Andrew Mills: [00:12:23] Sure. So while patients in remote areas have their own, uh, particular concerns with access to care, uh, for example, there there are some counties in Alabama, for example, that don’t have a primary care physician available for patients. Uh, what we find is that an, uh, primary care physician, where they’re operating within a large medical facility or operating as an independent practice, the day to day duties, responsibilities, how they operate to treat patients is very similar. So the problem that we solve is allowing those physicians to stay in touch, uh, and with those patients that they want to keep an eye on. And so we make it very easy for physician where they work for, uh, a hospital or a larger network or even an independent medical practice to deploy our services to support their patients, you know, between office visits. So, like I said, we’re really the eyes and ears to bring, uh, clinical information that’s been curated and validated back to the physician to make it actionable. So we’re out of office care team that acts as an extension of a medical practice and that medical practice. It really doesn’t matter to us whether they’re an independent physician’s practice or working for a large medical group. However, we we found that, um, most of our practices right now are independent physician practices. Um, and that just has to do with, uh, those practices typically can make decisions. Is faster from a buying standpoint. So that’s really where we’ve been focused. But we’re starting to move into larger networks of, uh, larger physician networks and, and uh, health system sales.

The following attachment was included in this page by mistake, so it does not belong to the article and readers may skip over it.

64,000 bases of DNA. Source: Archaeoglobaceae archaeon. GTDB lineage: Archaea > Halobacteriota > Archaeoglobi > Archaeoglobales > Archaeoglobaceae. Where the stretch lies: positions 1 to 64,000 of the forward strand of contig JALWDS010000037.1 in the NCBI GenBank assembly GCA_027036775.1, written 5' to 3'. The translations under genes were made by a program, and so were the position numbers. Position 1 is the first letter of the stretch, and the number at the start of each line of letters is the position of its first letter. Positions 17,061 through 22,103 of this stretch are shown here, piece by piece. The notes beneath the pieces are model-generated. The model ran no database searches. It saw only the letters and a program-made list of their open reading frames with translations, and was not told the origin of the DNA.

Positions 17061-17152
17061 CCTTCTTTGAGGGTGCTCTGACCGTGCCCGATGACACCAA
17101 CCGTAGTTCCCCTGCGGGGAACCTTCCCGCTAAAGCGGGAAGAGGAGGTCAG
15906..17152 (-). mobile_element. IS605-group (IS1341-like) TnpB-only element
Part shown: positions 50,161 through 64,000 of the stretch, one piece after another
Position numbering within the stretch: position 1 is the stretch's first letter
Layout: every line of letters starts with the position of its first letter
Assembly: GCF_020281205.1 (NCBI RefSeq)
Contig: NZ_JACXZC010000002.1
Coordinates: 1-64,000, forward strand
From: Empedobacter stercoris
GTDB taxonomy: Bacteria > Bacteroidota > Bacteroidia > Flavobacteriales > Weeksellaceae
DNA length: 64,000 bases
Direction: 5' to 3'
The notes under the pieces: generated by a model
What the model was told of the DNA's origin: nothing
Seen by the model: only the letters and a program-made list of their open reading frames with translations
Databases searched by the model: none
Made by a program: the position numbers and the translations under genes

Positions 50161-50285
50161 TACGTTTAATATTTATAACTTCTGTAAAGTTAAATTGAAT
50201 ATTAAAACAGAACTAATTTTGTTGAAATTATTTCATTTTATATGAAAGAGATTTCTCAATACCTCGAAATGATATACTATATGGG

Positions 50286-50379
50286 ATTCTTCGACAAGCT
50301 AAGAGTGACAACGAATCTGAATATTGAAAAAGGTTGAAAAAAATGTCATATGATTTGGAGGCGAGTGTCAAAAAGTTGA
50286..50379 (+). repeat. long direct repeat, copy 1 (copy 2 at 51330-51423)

Lee Kantor: [00:14:25] So if somebody wanted to learn more, have a more substantive conversation with you or somebody on the team, where should they go?
Andrew Mills: [00:14:31] They should go to cartrack. Com. Uh, and we, uh, we’re on Twitter and, uh, LinkedIn and Facebook, but Cartrack. Com can, you can get a breakdown of our services and get in touch with us for further information.
Lee Kantor: [00:14:49] Well, Andrew, thank you so much for sharing your story today. You’re doing such important work and we appreciate you.
Andrew Mills: [00:14:55] Thanks, Lee, I appreciate it. Thanks. Thanks for what you do.
Lee Kantor: [00:14:57] All right. This Lee Kantor. We’ll see you all next time on Atlanta Business Radio.